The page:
As an example, suppose you owned a knitting business, and the prod­uct you made and sold was socks. The employees in your business would knit socks as their job. With the piece-rate pay system you paid the employees based on the number of socks they knitted in a day or a week or whatever unit of measure you used.  If an employee knitted ten pairs of sock in a day, and you paid a piece rate of $1.00 for each pair knitted, then you owed that employee $10.00.  However, if the employee didn’t show up for work and did not knit any socks, then you owed nothing.  In this type of work environment labor was truly a variable cost and deserved to be allocated as a cost to the prod­uct.  It just made sense in a piece-rate pay system.  The more socks the employees knitted, the more money they could make.  Also, as the business owner your labor costs were very precisely controlled.  If employees didn’t make any socks, then you didn’t have to pay.

In time, metrics for calculating labor costs changed and the labor rates changed as well. Many employees were now paid a daily rate in­stead of a piece rate.  Labor costs had now shifted from a truly variable cost per unit to a fixed cost per day.  In other words, the employees got that same amount of money per day no matter how many pairs of socks they knitted or didn’t knit.  As time went by, the employee labor rates shifted again.  This time labor rates shifted from a daily rate to an hourly rate.  With the new hourly rate came the more standardized work week of forty hours, or eight hours a day, five days a week.  With the hourly rate the labor costs now become fixed.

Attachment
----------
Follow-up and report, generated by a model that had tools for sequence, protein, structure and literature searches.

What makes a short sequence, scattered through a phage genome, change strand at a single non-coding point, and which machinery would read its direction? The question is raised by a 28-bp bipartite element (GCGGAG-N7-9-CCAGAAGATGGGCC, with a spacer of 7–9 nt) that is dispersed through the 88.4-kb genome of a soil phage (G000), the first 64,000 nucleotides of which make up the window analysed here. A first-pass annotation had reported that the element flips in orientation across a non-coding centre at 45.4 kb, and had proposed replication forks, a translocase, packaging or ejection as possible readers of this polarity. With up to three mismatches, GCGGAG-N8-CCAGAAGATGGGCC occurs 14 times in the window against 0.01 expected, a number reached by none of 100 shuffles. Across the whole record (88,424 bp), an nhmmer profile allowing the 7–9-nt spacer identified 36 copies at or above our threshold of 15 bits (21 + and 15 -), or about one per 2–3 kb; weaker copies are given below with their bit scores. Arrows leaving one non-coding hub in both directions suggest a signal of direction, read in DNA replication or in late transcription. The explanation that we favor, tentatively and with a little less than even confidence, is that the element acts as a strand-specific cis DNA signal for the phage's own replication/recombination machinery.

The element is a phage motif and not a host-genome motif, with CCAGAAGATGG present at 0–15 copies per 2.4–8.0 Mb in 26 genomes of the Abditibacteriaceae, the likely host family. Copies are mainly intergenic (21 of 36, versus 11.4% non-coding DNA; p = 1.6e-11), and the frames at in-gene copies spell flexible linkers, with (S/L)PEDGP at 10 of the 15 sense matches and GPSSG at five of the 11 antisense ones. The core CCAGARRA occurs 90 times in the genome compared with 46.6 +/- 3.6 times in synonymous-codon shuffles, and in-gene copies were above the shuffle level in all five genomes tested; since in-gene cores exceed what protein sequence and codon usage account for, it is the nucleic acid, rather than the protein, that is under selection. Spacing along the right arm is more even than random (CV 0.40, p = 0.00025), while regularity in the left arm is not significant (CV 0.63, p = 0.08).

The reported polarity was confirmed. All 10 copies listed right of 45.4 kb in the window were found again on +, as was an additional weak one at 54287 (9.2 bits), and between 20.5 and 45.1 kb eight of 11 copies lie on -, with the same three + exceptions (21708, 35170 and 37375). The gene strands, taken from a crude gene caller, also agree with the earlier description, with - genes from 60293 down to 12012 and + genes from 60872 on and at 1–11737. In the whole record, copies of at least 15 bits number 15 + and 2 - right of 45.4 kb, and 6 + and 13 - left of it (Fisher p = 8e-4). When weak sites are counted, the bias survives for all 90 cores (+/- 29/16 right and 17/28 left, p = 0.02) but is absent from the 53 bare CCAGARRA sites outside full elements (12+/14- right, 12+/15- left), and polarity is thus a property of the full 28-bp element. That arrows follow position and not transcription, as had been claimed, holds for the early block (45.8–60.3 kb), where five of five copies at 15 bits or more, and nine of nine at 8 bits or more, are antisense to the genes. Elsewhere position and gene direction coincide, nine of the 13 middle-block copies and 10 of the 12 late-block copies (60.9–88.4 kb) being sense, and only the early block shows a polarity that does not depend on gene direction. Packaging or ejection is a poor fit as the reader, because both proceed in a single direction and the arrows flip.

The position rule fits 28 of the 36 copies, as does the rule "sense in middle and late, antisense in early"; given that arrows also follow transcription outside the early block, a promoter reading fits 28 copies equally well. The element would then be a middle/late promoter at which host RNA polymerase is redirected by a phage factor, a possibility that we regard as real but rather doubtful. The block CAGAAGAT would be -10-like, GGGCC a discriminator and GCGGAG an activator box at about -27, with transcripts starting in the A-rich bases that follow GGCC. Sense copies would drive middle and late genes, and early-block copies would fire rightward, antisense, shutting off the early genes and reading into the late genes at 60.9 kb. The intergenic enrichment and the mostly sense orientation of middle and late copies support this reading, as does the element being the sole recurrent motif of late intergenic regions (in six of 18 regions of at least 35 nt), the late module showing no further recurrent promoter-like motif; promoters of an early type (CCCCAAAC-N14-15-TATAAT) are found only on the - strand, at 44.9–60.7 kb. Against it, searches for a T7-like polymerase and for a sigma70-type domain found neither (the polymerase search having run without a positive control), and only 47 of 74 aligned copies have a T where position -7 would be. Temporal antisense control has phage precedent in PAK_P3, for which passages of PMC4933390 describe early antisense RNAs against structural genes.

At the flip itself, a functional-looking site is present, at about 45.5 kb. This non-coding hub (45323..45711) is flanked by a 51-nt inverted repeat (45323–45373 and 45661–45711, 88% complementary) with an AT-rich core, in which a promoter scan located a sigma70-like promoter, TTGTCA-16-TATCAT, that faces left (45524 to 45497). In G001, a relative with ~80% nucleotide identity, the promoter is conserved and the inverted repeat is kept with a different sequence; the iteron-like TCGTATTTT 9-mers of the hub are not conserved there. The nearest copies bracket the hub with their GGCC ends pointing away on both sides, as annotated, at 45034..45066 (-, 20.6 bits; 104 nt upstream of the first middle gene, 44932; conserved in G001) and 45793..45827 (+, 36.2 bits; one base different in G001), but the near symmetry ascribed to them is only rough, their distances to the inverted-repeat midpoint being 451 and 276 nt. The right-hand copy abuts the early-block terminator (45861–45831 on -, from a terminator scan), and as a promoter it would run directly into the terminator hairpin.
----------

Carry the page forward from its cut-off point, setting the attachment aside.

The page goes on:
With these changes it became apparent to the sock-knitting busi­ness owner that in order to get the biggest bang for the labor buck, the owner needed to produce as many pairs of socks as he could in a day in order to offset the rising labor costs.  The most obvious way to do that was to keep all of your sock knitters busy all of the time making socks.  In other words, efficiency was a key ingredient and needed to be increased.  If the owner could make more pairs of socks in the same amount of time, then his labor cost per pair of socks would go down.  This was the solution the business owner was looking for—reducing his costs.  If everyone was busy making more and more socks, and they could make a lot of socks in a day, then his new labor cost per pair of socks could be reduced!  This had to be the answer— look how cheap he could make socks now!  Or so he thought.